Thursday, November 10, 2011

Rand, Selflessness, and the Silly Undergrad

A relatively recent online debate grabbed my attention when an individual (who shall remain nameless) more-or-less claimed that the Austrian theory of economics was to be equated with Ayn Rand and her virtue of selfishness. While Rand's individualism and defense of capitalism certainly make her a fellow traveler among the Austrians, this individual had painted Austrian theory as nothing more than greed-fueled anarchism. Most likely unaware of the breaks Rand had with Rothbard's anarchism, Mises' praxeology, or Hayek's ethical foundations of traditional morality (it was consistently asserted in the debate that Hayek was some kind of anarchist), this critic of conservatism had no problem painting with a broad brush.[1] I explained that I have been critical of Rand's rhetoric regarding selfishness, yet pointed out that she basically redefined the term in an attempt to unload it of the negative baggage (whether wisely or not).



As Rand states in the introduction to her The Virtue of Selfishness,

The title of this book may evoke the kind of question that I hear once in a while: "Why do you use the word 'selfishness' to denote virtuous qualities of character, when that word antagonizes so many people to whom it does not mean the things you mean?" To those who ask it, my answer is, "For the reason that makes you afraid of it." [2]

The use of the word 'selfishness' was largely for shock value, not to mention her extreme disdain for anything collectivist due to her experience as a youth in Russia.[3] After a fairly lengthy exchange, a separate post was made by this individual to "educate" me (a silly undergraduate, which I am no longer nor was at the time) on the meaning of altruism in contrast to selfishness. The definition of 'altruism' was provided, along with the notion that to support her form of altruism (i.e. wealth redistribution) was to be caring, moral, and (as her post implied) Christian. She further implied that support of the market system was inhumane, selfish, and spat in the face of Jesus Himself.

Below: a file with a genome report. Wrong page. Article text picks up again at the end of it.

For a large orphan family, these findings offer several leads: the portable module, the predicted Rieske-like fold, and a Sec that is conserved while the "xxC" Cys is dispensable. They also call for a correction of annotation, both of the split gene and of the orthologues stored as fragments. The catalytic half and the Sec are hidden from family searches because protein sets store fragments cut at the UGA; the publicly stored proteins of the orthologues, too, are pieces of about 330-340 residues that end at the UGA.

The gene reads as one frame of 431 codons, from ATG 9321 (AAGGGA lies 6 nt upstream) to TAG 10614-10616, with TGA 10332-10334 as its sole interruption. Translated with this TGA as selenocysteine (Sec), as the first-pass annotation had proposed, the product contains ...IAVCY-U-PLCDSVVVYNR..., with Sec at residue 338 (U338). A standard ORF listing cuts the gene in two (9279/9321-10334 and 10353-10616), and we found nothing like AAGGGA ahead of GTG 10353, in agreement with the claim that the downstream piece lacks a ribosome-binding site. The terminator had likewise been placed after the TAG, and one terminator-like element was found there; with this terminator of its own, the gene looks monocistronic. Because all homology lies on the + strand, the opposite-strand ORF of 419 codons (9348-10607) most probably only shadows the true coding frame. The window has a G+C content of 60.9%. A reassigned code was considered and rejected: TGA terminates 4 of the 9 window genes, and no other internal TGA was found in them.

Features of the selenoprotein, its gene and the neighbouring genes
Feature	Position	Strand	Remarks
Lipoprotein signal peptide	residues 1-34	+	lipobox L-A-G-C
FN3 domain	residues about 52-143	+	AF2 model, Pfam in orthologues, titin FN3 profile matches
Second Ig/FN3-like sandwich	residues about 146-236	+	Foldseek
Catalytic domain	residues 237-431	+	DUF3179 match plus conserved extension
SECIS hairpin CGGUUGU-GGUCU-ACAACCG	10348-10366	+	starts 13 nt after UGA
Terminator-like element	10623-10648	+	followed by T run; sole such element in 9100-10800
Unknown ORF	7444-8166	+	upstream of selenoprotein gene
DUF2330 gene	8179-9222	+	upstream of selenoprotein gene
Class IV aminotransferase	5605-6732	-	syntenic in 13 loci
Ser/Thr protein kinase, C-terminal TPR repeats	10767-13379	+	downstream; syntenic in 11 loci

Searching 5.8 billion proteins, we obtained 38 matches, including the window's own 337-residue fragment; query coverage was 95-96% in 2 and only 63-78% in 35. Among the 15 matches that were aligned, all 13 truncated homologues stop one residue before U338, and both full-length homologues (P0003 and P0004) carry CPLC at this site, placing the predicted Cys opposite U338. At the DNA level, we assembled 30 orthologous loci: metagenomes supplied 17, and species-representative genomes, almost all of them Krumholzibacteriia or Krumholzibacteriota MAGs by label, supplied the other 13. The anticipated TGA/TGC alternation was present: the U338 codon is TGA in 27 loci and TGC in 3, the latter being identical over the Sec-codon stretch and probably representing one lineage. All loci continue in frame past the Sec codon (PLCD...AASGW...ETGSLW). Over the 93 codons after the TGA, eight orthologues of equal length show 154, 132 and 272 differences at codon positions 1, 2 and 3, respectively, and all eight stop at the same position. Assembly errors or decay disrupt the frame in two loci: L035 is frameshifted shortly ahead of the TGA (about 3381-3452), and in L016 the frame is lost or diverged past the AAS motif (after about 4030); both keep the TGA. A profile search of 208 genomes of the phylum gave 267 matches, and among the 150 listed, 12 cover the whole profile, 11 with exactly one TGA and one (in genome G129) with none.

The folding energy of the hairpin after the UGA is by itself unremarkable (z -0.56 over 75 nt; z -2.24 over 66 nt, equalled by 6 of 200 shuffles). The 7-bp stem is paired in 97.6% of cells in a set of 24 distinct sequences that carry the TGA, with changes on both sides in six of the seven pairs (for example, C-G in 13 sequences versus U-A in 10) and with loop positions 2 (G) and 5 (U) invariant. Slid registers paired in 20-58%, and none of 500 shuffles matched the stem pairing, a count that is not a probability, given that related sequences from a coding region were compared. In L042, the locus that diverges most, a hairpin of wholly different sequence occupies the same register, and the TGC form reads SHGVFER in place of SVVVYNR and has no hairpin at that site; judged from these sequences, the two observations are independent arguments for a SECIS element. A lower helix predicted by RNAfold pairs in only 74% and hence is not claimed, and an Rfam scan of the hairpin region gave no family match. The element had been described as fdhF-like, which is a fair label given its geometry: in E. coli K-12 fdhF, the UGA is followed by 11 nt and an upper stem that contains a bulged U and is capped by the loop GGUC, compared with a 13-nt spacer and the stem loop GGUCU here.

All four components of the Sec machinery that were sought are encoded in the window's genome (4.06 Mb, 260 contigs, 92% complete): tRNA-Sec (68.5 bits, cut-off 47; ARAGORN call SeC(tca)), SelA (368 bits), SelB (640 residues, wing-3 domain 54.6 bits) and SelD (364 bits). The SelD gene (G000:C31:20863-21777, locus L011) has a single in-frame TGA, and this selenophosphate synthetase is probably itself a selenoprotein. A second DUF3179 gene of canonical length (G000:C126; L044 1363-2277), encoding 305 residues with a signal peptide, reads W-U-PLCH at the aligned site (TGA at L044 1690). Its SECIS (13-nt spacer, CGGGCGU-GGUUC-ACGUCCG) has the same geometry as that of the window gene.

Ignoring the multiple problems that presented themselves throughout her barrage of ill-mannered responses, I wanted to address the relationship between selflessness and selfishness. Ayn Rand has had little influence on my worldview, in large part due to her atheism and Objectivism. While I can understand her appeal to market proponents, I have never quite understood the borderline obsession.


However, her comments regarding the "selfish" nature of serving others is interesting. Joseph Smith reportedly told Oliver B. Huntington that "some people entirely denounce the principle of self-aggrandizement as wrong. ‘It is a correct principle,’ [Joseph] said, ‘and may be indulged upon only one rule or plan–and that is to elevate, benefit and bless others first. If you will elevate others, the very work itself will exalt you. Upon no other plan can a man justly and permanently aggrandize himself’.”[4] On this, the late philosopher Truman G. Madsen wrote,